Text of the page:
David was hard at work at his new job Monday afternoon, feeding pages of the Board of Supervisors’ agenda through a massive copy machine in the basement of the County Administration Building. The color copies were then organized and stapled before being sent upstairs to the clerk for the following day’s meeting. It was a task efficiently performed by the quiet worker.
But David is not a county employee. In fact, he’s only 17.
And a delinquent.
And up until a few months ago he had no experience in reprographics.
But now, David is part of an innovative county program that should save the County of Santa Barbara money and — more importantly — empower youth from the Los Prietos Boys Camp with skill sets that will put them in a position to be successful going forward in their lives.
Teenagers, having committed a variety of crimes from robbery to assault and battery, end up at Los Prietos as an alternative to Juvenile Hall. At the camp off Paradise Road five miles east of Highway 154, the boys are enlisted in a rigorous, disciplined program of school in the morning and activities in the afternoon; some chop wood while others learn how to repair computers given to poor families.
In an expansion of that curriculum, a group of boys are now learning the ins and outs of graphic and text reproduction as workers at the Los Prietos Business Center. But they are doing more than just pushing a “print” button. They’re receiving vocational training in a professional environment for graphic design, machine operation, customer service, inventory management, quality control, and budgetary review. “I’m learning new things I can take with me,” said David, who’s from Santa Maria and hopes to eventually go to college and study art. Both the Business Center’s name and logo were created by the first group of young men to occupy the workspace.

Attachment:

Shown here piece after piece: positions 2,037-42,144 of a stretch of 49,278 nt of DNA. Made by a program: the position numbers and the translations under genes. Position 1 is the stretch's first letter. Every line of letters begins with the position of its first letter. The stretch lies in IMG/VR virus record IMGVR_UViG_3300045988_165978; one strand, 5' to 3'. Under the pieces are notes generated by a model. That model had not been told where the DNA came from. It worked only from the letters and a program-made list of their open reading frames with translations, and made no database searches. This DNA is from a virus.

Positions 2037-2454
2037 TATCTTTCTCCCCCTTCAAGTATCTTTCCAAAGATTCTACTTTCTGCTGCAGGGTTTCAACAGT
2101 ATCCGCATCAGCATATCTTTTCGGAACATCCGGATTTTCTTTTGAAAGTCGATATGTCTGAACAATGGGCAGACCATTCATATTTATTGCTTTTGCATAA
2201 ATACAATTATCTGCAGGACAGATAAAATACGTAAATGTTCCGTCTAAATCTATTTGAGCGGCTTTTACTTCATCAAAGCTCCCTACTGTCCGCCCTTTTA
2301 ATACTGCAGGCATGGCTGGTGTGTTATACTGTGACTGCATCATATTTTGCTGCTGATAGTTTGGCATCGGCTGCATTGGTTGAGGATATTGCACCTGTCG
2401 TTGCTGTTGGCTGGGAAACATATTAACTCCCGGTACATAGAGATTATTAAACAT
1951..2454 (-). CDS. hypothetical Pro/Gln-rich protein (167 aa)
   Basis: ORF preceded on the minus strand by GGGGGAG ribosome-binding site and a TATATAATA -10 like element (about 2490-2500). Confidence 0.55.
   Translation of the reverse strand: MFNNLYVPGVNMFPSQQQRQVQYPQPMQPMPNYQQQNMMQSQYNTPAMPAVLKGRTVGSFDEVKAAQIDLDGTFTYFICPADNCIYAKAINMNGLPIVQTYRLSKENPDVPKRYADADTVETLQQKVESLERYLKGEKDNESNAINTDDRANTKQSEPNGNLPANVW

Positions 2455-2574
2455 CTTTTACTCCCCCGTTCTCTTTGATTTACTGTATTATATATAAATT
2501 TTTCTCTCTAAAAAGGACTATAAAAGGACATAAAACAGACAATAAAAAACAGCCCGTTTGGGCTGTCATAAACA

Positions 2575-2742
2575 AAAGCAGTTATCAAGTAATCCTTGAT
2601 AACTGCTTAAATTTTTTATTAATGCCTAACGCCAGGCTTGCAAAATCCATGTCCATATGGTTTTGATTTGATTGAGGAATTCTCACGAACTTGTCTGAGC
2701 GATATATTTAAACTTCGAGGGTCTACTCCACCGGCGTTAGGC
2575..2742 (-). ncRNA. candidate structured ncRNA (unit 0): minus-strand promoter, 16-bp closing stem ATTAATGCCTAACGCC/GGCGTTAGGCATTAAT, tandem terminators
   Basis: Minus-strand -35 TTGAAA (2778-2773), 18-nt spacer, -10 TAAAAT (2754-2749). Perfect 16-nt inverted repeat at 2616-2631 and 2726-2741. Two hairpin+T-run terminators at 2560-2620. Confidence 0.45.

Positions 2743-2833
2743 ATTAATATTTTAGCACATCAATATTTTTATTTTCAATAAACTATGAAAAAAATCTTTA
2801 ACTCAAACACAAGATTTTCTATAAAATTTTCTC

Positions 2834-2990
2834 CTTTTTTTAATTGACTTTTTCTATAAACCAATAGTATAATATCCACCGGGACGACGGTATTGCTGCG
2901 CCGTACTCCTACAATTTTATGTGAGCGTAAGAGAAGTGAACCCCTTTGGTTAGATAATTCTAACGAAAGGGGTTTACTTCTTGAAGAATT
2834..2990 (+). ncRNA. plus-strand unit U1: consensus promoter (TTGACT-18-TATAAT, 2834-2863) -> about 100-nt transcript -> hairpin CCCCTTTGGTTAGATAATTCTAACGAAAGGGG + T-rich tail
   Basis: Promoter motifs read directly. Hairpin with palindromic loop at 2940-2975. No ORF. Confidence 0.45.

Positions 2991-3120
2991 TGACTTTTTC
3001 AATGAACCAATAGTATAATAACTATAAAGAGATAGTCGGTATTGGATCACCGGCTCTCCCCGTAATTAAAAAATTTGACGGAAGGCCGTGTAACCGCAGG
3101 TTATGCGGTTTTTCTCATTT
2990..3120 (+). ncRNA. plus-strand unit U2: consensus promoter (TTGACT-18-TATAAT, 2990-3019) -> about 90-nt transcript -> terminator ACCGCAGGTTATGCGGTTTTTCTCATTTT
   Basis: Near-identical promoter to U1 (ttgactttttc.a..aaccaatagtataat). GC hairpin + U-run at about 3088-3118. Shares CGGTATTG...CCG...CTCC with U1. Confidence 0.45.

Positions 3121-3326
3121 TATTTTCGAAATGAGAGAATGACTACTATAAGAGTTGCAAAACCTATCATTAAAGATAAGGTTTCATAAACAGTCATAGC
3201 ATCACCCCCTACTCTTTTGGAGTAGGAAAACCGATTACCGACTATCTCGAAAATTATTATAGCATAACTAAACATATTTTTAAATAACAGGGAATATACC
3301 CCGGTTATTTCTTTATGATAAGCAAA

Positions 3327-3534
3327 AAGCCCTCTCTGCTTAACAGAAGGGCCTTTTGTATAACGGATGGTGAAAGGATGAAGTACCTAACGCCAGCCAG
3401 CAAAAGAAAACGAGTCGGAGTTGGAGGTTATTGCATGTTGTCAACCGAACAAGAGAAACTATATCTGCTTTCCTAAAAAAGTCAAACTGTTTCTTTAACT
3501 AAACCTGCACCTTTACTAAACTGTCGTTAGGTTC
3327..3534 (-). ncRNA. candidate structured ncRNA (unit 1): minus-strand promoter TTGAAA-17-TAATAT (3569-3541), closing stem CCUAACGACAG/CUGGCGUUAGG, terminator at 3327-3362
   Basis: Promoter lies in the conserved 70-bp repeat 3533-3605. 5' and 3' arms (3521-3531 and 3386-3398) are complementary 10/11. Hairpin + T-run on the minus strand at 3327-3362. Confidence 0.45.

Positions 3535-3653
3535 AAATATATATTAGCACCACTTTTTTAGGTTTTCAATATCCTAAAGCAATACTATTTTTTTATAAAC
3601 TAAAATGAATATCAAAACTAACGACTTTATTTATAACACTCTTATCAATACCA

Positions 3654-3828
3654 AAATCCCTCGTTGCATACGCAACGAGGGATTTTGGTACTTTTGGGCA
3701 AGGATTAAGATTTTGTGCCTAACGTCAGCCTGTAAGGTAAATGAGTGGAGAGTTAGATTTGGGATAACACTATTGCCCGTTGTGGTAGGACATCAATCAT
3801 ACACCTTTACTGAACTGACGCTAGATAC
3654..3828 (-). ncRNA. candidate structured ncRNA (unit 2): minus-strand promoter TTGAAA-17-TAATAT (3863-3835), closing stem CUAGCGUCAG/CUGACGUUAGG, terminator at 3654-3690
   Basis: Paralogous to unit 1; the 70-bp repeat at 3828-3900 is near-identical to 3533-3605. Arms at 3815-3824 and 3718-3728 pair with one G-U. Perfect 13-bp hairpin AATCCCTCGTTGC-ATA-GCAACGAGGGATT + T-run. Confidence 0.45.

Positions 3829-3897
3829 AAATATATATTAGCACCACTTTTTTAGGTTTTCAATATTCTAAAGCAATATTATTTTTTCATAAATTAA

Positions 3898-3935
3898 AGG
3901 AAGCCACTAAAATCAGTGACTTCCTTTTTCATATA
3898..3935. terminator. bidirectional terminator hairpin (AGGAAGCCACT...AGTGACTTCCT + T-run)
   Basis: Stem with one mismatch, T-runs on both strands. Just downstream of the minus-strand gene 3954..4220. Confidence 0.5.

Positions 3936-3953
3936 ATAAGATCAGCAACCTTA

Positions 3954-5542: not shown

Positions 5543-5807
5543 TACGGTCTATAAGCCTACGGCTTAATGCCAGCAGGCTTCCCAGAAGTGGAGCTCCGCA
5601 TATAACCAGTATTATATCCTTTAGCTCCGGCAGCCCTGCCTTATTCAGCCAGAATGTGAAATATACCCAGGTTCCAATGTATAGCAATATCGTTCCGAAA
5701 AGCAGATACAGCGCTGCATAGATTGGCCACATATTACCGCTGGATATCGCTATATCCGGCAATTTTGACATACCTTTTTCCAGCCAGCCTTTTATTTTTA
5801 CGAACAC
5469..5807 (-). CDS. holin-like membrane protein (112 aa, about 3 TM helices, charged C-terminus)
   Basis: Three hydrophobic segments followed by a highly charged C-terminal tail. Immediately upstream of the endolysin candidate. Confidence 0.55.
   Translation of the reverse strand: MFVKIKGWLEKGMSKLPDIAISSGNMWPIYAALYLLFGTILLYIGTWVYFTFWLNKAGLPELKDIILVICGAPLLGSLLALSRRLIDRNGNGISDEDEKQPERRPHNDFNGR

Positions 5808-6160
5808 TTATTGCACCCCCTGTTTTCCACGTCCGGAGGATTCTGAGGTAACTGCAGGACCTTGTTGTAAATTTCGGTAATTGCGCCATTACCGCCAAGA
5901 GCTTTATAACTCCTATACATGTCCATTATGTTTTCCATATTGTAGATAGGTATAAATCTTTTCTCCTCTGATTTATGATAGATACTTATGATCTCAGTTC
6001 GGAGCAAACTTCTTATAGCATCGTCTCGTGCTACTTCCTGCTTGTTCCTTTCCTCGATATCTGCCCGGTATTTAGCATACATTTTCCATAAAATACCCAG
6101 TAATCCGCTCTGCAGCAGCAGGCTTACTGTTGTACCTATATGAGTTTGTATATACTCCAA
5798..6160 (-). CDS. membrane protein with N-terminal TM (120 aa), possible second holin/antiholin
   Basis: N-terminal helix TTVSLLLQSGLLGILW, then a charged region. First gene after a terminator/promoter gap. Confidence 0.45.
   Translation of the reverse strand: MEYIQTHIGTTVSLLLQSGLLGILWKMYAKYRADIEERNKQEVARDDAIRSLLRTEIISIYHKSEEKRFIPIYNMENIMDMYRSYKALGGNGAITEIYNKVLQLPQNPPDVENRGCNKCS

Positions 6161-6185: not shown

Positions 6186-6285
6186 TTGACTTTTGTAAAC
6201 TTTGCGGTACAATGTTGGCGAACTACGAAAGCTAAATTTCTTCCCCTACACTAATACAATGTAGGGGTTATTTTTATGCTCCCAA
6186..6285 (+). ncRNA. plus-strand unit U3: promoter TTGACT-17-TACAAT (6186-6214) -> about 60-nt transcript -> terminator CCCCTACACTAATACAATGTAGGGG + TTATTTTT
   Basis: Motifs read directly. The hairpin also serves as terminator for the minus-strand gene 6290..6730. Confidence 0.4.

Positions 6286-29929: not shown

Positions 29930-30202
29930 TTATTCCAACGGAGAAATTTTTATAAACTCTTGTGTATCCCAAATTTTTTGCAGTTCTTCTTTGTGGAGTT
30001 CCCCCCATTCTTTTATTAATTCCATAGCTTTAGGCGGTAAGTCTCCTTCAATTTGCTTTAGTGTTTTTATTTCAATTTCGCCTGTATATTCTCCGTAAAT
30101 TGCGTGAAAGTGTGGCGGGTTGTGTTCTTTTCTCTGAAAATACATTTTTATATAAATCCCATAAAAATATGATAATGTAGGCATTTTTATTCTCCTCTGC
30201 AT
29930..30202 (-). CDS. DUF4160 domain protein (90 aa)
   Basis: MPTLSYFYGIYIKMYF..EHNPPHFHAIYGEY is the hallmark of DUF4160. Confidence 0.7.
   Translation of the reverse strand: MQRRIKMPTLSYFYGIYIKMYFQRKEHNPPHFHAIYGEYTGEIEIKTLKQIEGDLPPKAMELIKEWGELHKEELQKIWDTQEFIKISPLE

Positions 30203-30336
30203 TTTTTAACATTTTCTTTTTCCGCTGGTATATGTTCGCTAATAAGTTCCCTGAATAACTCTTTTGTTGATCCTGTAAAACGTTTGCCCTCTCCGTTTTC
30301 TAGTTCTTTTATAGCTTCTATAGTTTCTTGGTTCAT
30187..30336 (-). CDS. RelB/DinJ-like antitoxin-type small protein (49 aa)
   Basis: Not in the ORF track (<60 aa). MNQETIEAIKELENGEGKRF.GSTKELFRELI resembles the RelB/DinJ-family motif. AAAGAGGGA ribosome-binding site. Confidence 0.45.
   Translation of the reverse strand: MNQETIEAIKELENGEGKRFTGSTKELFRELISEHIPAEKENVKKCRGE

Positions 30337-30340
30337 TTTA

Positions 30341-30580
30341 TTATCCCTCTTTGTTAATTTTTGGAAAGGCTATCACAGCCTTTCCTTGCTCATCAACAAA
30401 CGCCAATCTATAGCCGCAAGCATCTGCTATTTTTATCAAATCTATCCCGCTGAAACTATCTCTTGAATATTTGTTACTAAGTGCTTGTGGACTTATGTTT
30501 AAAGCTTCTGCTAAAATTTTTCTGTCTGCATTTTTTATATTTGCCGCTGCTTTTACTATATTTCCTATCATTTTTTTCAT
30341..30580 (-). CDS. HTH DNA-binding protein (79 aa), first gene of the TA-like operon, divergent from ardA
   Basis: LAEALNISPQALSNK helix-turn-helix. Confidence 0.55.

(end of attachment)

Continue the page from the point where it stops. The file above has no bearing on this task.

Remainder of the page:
The program is the result of a vision 2nd District Supervisor Janet Wolf had last year after watching boys from the camp give a presentation to the South Coast Gang Task Force. Wolf recalled asking them what they would like from the gathering of public officials. “We need a job; we need a skill,” she remembered a participant telling her.
The reprographics department – which has been open for decades – was shut down by the county last July because the operation became unsustainable in recent years. Officials thought the revenue it generated by providing services to county departments would offset expenses. But budget troubles, increased labor expenses, and private-sector competition — not to mention the increased ability of individual departments to produce their own copies and bound documents more easily — forced the county to mostly privatize the reprographic services.
The closure’s timing was poor, Wolf noted, as the county was just paying off the purchase costs of the printers and the other equipment. But, as General Services Director Bob Nisbet — whose department was previously in charge of reprographics — put it Monday, “With every cloud, there is a silver lining.” Wolf met with Nisbet and former probation chief Patty Stewart, and, “The rest, as they say, is history,” said Nisbet.
The print shop had been used by a variety of county departments, which paid for the costs out of their internal budgets, and the hope is the departments move away from outsourcing contracts with private print shops and go back to the county’s reprographics program in the basement. A group of six teens will be there Monday through Friday, from 1:30-5:30 p.m., with someone overseeing their work. As they graduate from Los Prietos, they will be replaced by other young men, selected through an application and screening process.
The center began as a pilot program in January as teens began to learn the tricks of the trade. So what did they do after they got the skills down and waited for business to start rolling in? They created Mother’s Day cards for all the boys back at the camp.